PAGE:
At the same time the European Union’s agriculture ministers have met and agreed upon a new eco-labelling of ecological food. The Swedish minister, Eskil Erlandsson agreed, although he thought it would be a burden for the Swedish small scale producers. The new eco-labelling system will be started in 2009. The association of ecological farmers has protested. The minister says there’s a worry about that the already established labelling will be affected.

Thursday, December 14, 2006

Where is the snow?
Still, we get another day with some rain and flooding in the southwest of Sweden and temperatures around 10 degrees. Is it really December? The weather forecast predicts there will be a green Christmas in our part of Sweden. We have a visit in my family from France, a secondary school pupil. She stated when she arrived that the weather here and back home was pretty much the same these days. She had hoped to experience some snow here in the north. Today she and her comrades from Vier in France took the bus to Torsby and visited the Ski tunnel, so she got in touch with snow, although human made. This activity urged quite a lot of supplied energy. But perhaps the climate changes will result in a better energy balance in Sweden so we can indulge our visitors this luxury?

Wednesday, December 13, 2006

One uncomfortable truth too much, or…?
The author, Sir Nicholas Stern, of the Government’s report on climate change is to quit the Treasury after friends said that he was frozen out of Gordon Brown’s inner circle. This was to read in the Times last Friday.
“Sir Nicholas, 60, one of the Chancellor’s most senior officials as Second Permanent Secretary to the Treasury, is to leave in March to return to academic life, taking a chair at the London School of Economics in June. Sir Nicholas’s conclusions did have a global focus, saying that the economic costs of failing to act would, over time, far outweigh those of action now. He proposed carbon taxes or carbon trading schemes and investment in low-carbon technology. But his stark warnings of overwhelming evidence of global warming highlighted differences between Mr Brown — who wanted to avoid unpopular tax rises — and David Miliband, the Environment Secretary, who pressed for green taxes, including a big rise in tax on gas-guzzling vehicles.”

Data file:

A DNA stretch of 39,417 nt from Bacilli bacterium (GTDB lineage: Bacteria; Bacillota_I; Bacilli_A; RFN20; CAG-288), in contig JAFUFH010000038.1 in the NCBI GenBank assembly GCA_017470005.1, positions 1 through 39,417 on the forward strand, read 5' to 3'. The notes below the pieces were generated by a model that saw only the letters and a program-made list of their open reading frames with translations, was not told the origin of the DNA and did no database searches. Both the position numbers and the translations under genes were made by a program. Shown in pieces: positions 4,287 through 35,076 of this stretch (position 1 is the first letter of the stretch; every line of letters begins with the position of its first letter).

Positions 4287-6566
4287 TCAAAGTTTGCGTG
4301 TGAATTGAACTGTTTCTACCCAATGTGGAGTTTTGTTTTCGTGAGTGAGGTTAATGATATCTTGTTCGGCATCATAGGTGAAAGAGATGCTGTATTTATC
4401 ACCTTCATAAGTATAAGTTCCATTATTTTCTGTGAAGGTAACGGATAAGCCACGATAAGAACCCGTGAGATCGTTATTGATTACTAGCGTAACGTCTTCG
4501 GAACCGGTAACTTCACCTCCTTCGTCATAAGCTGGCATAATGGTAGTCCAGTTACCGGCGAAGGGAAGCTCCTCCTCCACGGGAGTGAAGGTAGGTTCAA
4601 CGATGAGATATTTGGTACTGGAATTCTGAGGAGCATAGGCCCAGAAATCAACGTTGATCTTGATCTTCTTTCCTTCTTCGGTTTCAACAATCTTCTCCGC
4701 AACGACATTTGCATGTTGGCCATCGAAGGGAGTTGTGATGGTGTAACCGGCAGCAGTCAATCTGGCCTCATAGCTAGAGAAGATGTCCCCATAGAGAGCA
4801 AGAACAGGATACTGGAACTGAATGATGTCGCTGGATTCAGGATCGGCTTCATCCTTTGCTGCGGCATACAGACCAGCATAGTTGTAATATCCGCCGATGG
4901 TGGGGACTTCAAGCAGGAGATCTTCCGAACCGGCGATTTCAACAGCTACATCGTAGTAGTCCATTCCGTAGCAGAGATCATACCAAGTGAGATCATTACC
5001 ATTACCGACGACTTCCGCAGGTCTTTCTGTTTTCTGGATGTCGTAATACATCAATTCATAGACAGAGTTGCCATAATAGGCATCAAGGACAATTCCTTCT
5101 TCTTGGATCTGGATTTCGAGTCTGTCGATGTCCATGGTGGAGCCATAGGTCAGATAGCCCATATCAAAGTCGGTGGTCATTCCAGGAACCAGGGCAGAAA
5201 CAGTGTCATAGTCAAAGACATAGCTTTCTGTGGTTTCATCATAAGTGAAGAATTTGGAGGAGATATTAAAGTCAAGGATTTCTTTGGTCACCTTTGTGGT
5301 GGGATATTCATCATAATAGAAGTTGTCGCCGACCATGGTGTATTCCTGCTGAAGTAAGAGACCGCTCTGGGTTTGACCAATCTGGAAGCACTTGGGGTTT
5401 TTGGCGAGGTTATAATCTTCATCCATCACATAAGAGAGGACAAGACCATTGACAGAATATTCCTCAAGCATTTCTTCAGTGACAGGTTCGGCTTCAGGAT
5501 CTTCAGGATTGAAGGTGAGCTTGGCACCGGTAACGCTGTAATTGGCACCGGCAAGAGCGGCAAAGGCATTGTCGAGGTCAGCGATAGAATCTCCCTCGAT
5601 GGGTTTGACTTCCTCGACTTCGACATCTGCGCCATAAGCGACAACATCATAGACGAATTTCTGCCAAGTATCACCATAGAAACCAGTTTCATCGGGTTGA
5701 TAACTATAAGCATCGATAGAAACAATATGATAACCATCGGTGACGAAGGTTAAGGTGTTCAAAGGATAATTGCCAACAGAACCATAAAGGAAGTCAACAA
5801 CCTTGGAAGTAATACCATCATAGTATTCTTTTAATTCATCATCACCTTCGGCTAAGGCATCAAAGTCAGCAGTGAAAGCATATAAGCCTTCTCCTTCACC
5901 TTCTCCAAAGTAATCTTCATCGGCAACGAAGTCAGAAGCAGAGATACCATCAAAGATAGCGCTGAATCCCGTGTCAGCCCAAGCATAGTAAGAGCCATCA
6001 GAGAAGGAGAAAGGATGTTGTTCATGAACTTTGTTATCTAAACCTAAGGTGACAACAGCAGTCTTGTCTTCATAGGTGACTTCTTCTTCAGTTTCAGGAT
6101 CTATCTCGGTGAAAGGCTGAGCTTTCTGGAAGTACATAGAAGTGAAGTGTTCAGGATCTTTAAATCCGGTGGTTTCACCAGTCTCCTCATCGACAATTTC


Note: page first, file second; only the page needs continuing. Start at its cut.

It’s not easy to tackle the global warming problem. It’s not easy to convince the machinery of power where ever. “An uncomfortable truth” is a good description of the phenomenon.

Monday, December 11, 2006

Environmental policy tending to chase its own tail?
The efficient use of resources is a basic condition for a better environment and a sustainable development. Unfortunately it also seems to create counterproductive rebound effect. Either you do more of the same or you start to satisfy new demands and you consume more. It’s also so that economic development is caught in an efficiency trap where desirable changes give damaging side effects on the environment. The rebound effect hinders higher efficiency to give progress and development. Our society has a challenge to handle the surplus created by the increasing efficiency, in an environmental friendly way. This is a super short summary of an interesting analyse by the author Christer Sanne, The Royal Institute for Technology, made for the Swedish Environment Agency in a report.

It is an interesting analyses but the result is quite depressing, I think. Which political assembly will decide about the necessary direction in what we are allowed to do with the surplus from efficiency? Will it be the good hearted dictator or planned economy or is our democracy able to handle this issue? What do you think?